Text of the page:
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Moon and Mars closest December 4

Tonight – December 4, 2016 – the waxing crescent moon has moved up in the evening twilight sky to appear close to the planet Mars. If you look, you might notice much-brighter Venus before you notice Mars. Watch for Mars as dusk gives way to nighttime. It’ll be the moderately-bright “star” in the vicinity of the waxing crescent moon.

Venus, the second-brightest heavenly body, after the moon, is some 85 times brighter than Mars is right now. Even so, Mars should be easy to see with the eye alone in a dark sky.

Over this coming month, watch for Venus to climb upward in the twilight sky, toward Mars. Meanwhile, Mars will be falling downward, toward Venus. Mars and Venus will be fairly close together in the evening sky in late January and early February 2017. By that time, however, Venus will have brightened while Mars will have dimmed. Venus will shine a whopping 185 times more brilliantly than Mars at that time, yet Mars should still be visible to the unaided eye in a dark sky.

Throughout December 2016, an imaginary line from Mars through Venus points in the direction of Mercury. The only problem is that Mercury might have set by the time Mars becomes visible. In that case, draw your imaginary line to the horizon, using Mars and Venus. Then the following evening, look at this spot on the horizon for Mercury. Binoculars may come in handy! Read more.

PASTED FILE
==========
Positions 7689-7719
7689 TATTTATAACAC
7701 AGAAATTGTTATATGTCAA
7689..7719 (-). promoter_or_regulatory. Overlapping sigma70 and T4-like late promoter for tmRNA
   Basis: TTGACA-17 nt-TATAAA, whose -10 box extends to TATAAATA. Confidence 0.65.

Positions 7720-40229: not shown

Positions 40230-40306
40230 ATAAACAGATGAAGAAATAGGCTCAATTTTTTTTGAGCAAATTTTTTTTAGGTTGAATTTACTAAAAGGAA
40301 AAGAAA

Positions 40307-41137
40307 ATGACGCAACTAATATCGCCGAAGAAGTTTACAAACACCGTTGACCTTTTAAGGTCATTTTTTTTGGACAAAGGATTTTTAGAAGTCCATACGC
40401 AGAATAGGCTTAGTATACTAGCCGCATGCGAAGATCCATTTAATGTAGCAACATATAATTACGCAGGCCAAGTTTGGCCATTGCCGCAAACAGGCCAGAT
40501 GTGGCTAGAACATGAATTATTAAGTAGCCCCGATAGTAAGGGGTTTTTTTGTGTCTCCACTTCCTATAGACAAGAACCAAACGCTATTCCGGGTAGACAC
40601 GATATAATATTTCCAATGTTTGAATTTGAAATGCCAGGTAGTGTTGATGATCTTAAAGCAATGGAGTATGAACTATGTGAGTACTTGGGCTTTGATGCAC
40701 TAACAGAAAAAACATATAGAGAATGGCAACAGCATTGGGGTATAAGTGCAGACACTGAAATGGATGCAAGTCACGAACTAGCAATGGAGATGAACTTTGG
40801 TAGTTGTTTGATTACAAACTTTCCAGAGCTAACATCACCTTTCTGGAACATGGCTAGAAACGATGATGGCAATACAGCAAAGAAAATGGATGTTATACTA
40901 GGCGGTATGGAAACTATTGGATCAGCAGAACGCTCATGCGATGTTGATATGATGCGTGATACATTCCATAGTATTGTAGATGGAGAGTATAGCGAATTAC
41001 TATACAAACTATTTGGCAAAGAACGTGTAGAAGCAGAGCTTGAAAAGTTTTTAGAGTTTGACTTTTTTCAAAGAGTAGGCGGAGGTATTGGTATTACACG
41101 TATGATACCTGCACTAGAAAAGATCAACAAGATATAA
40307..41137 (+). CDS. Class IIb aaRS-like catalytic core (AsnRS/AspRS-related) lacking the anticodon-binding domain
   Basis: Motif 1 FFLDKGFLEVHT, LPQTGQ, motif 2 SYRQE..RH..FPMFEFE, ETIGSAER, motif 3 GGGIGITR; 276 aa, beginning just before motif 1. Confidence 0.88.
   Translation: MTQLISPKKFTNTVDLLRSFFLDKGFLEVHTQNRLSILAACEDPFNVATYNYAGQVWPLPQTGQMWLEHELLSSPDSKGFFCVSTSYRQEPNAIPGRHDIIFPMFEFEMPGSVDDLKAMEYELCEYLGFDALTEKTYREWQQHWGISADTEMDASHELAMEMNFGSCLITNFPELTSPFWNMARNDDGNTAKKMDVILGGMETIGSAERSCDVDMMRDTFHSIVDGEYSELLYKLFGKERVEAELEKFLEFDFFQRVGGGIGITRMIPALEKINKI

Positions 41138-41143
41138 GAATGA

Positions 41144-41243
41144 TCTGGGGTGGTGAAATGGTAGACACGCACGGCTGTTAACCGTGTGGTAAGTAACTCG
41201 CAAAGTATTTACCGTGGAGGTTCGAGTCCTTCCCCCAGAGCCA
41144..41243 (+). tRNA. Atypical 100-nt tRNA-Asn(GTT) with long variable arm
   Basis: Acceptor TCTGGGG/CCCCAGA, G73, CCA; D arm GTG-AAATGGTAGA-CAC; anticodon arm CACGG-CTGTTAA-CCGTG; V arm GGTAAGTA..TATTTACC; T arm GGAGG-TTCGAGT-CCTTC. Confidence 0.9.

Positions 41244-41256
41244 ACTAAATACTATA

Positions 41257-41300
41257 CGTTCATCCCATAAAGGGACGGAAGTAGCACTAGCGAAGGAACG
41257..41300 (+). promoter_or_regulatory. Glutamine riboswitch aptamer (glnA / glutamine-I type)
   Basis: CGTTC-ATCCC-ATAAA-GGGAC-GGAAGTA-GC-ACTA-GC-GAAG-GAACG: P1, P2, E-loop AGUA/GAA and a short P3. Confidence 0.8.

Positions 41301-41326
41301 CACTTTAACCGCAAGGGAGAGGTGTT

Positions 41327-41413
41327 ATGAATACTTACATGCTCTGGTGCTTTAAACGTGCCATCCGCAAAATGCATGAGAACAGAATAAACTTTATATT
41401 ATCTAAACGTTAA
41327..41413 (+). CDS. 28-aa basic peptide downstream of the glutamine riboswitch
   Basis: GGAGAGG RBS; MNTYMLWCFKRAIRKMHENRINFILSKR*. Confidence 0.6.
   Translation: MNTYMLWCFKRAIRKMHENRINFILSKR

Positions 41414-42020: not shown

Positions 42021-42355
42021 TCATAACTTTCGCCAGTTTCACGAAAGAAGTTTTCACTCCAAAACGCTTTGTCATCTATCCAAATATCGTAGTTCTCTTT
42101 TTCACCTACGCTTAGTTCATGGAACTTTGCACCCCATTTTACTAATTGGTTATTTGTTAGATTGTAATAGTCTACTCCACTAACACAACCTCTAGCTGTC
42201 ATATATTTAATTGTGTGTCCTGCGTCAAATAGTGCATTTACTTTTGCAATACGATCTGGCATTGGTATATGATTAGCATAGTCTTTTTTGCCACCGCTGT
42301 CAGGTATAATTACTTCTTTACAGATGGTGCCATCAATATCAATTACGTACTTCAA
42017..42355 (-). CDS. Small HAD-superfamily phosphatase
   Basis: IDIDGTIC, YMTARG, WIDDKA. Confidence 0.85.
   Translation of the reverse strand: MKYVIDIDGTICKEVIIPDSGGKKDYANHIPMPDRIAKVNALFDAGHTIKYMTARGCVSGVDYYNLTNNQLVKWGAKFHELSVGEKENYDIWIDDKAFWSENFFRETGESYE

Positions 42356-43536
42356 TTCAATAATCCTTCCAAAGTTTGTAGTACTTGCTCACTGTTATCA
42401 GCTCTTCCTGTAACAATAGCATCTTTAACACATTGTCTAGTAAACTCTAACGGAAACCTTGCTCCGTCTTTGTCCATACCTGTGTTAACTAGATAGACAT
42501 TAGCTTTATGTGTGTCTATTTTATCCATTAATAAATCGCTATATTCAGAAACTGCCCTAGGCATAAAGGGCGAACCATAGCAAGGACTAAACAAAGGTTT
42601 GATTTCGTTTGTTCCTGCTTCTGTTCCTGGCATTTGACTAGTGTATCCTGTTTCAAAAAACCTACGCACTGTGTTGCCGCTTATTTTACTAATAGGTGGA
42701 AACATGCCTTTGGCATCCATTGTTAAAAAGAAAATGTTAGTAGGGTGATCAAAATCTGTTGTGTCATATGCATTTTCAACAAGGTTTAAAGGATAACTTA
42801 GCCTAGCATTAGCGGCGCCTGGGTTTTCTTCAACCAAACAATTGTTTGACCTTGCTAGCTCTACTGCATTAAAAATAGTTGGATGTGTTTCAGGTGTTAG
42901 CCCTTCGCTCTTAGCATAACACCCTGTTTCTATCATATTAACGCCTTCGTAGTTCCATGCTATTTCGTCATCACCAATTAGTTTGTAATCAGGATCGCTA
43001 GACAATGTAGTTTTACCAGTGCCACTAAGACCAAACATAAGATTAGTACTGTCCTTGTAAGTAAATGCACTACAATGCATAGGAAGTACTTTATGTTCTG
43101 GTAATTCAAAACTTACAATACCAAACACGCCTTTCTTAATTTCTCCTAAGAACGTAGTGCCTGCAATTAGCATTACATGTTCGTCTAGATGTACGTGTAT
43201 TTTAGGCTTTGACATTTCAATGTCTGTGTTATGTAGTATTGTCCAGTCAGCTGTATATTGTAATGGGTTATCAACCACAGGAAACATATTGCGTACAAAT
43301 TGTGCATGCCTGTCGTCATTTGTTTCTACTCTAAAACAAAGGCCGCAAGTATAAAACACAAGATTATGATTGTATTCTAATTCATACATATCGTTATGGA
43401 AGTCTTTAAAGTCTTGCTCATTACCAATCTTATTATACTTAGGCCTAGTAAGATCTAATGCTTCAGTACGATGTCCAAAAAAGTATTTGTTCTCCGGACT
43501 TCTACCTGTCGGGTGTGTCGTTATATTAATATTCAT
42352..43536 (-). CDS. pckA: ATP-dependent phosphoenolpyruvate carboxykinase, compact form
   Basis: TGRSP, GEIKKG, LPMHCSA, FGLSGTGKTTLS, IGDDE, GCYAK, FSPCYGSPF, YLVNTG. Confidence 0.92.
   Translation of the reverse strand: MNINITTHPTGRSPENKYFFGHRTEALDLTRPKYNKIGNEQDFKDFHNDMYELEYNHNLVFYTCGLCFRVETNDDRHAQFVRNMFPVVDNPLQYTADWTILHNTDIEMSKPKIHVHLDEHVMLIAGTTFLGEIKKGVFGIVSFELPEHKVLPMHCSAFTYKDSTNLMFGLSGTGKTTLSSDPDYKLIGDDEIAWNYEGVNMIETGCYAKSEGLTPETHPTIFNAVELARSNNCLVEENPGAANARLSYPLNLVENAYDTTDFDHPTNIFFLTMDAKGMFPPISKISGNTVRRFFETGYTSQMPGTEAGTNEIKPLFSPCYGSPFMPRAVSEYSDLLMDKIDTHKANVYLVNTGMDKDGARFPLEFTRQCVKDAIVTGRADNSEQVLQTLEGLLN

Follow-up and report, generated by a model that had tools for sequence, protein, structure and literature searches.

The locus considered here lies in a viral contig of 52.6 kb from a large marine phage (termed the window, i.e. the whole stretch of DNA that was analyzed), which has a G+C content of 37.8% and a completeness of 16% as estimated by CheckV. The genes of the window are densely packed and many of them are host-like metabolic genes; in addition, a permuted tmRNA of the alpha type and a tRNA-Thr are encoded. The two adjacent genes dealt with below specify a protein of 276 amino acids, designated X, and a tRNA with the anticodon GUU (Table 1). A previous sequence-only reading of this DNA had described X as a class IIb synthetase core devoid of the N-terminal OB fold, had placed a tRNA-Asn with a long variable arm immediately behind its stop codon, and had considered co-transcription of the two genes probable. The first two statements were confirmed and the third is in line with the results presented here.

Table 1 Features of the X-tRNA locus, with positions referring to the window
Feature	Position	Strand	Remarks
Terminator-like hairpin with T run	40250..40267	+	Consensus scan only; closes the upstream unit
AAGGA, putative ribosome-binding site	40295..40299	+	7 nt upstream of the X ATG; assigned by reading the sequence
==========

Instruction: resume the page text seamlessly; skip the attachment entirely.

Throughout December 2016, an imaginary line from Mars through Venus points in the direction of Mercury. The only problem is that Mercury might have set by the time Mars becomes visible. In that case, draw your imaginary line to the horizon, using Mars and Venus. Then the following evening, look at this spot on the horizon for Mercury. Binoculars may come in handy! Read more.

Bottom line: Use the moon to find Mars on the evening of December 4, 2016. Then watch day by day, as the gap between Mars and Venus shrinks.

Bruce McClure

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